Black Dog, White Mouse

If depression is a black dog, then anxiety is a white mouse. The black dog looms, but the white mouse scurries and scuttles down the in-between spaces. If you listen, then you’ll hear the tiny claws scraping, the teeth gnawing, and incessant self-satisfied chittering as your walls and your nerves wear away from the inside out. And you do always listen.

The mouse is white because a black (or grey or dun) mouse is easy to ignore. It won’t appear in the corner of your eye. It won’t make you look. And if you don’t see it, then you can tell yourself, “These are just the kind of strange sounds old houses make.” You may even believe it, and that’s enough.

But you can’t ignore a white mouse. The white mouse will come to you in the middle of the night. You’ll wake up for no reason you can think of, and the faint luminescent glow of white fur in the shadows at the corner of your eye will make you look. It takes less than a single heartbeat to register, but it will. And you never even have to think the words “white mouse” to know it’s there.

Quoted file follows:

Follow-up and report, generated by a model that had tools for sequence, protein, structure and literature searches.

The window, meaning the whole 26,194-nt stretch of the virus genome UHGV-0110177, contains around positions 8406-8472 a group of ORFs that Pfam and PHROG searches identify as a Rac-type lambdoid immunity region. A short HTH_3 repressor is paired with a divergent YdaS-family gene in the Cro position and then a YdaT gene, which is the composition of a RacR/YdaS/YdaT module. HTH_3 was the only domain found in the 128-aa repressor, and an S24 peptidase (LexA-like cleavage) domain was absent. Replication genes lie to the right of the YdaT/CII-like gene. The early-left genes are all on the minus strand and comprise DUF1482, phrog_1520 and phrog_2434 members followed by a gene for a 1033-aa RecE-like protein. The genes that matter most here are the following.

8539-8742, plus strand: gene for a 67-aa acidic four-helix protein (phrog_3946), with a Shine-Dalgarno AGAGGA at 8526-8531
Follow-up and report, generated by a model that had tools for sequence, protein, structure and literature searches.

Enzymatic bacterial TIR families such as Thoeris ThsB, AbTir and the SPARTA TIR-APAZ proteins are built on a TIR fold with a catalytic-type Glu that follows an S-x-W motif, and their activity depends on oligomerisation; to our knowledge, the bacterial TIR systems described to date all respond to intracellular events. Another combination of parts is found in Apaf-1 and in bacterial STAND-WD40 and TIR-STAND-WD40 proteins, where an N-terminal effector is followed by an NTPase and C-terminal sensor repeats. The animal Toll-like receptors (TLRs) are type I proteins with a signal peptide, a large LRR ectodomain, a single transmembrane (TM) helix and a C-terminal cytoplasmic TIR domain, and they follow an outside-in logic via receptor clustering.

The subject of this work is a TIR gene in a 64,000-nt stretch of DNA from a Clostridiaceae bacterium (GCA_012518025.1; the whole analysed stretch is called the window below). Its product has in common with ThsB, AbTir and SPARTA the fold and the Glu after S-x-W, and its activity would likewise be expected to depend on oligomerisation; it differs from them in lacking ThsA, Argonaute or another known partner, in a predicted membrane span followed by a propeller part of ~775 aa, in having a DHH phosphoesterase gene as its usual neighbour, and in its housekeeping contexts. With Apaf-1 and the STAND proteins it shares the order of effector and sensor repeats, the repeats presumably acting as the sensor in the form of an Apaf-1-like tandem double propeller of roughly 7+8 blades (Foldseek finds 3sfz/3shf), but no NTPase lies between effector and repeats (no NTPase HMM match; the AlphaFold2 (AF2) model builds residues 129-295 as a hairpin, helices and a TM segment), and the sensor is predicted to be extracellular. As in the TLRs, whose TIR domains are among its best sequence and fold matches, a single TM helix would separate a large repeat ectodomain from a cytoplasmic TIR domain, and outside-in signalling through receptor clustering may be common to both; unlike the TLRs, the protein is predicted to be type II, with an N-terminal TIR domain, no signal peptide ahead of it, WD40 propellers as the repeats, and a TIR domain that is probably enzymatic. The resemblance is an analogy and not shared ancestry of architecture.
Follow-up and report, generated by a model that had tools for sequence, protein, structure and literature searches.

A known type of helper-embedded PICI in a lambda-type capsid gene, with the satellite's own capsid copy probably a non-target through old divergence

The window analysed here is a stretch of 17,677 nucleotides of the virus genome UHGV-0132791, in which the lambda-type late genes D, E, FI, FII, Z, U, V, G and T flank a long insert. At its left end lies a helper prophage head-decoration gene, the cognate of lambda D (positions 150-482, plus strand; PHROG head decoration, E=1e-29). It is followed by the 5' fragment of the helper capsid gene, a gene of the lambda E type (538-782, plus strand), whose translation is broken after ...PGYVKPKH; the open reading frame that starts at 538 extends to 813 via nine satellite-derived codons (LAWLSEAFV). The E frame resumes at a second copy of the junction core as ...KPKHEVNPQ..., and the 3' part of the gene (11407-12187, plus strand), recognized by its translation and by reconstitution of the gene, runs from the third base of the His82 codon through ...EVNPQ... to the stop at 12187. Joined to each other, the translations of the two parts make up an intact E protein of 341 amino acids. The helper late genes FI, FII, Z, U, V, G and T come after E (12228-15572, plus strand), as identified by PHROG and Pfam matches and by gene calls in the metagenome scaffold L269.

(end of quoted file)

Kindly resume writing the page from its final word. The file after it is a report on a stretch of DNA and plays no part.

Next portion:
From then on, every noise becomes suspect; every flicker in the corner of your eye becomes that white mouse. Or, perhaps it’s another one. You may never see another white mouse running along your wall again, but where there’s one mouse (white or black or grey or dun), there are always bound to be more.

It’s when you can’t hear them that it’s the worst. You can’t hear them, but you know they’re still scurrying and scuttling and scraping and gnawing in the in-between spaces. Eventually, they will wear away your walls and your nerves. And the white mouse is never really gone.


Well shit—I really didn’t want the fist thing I wrote here to be something a twelve-year-old who wears too much black might write, but I did.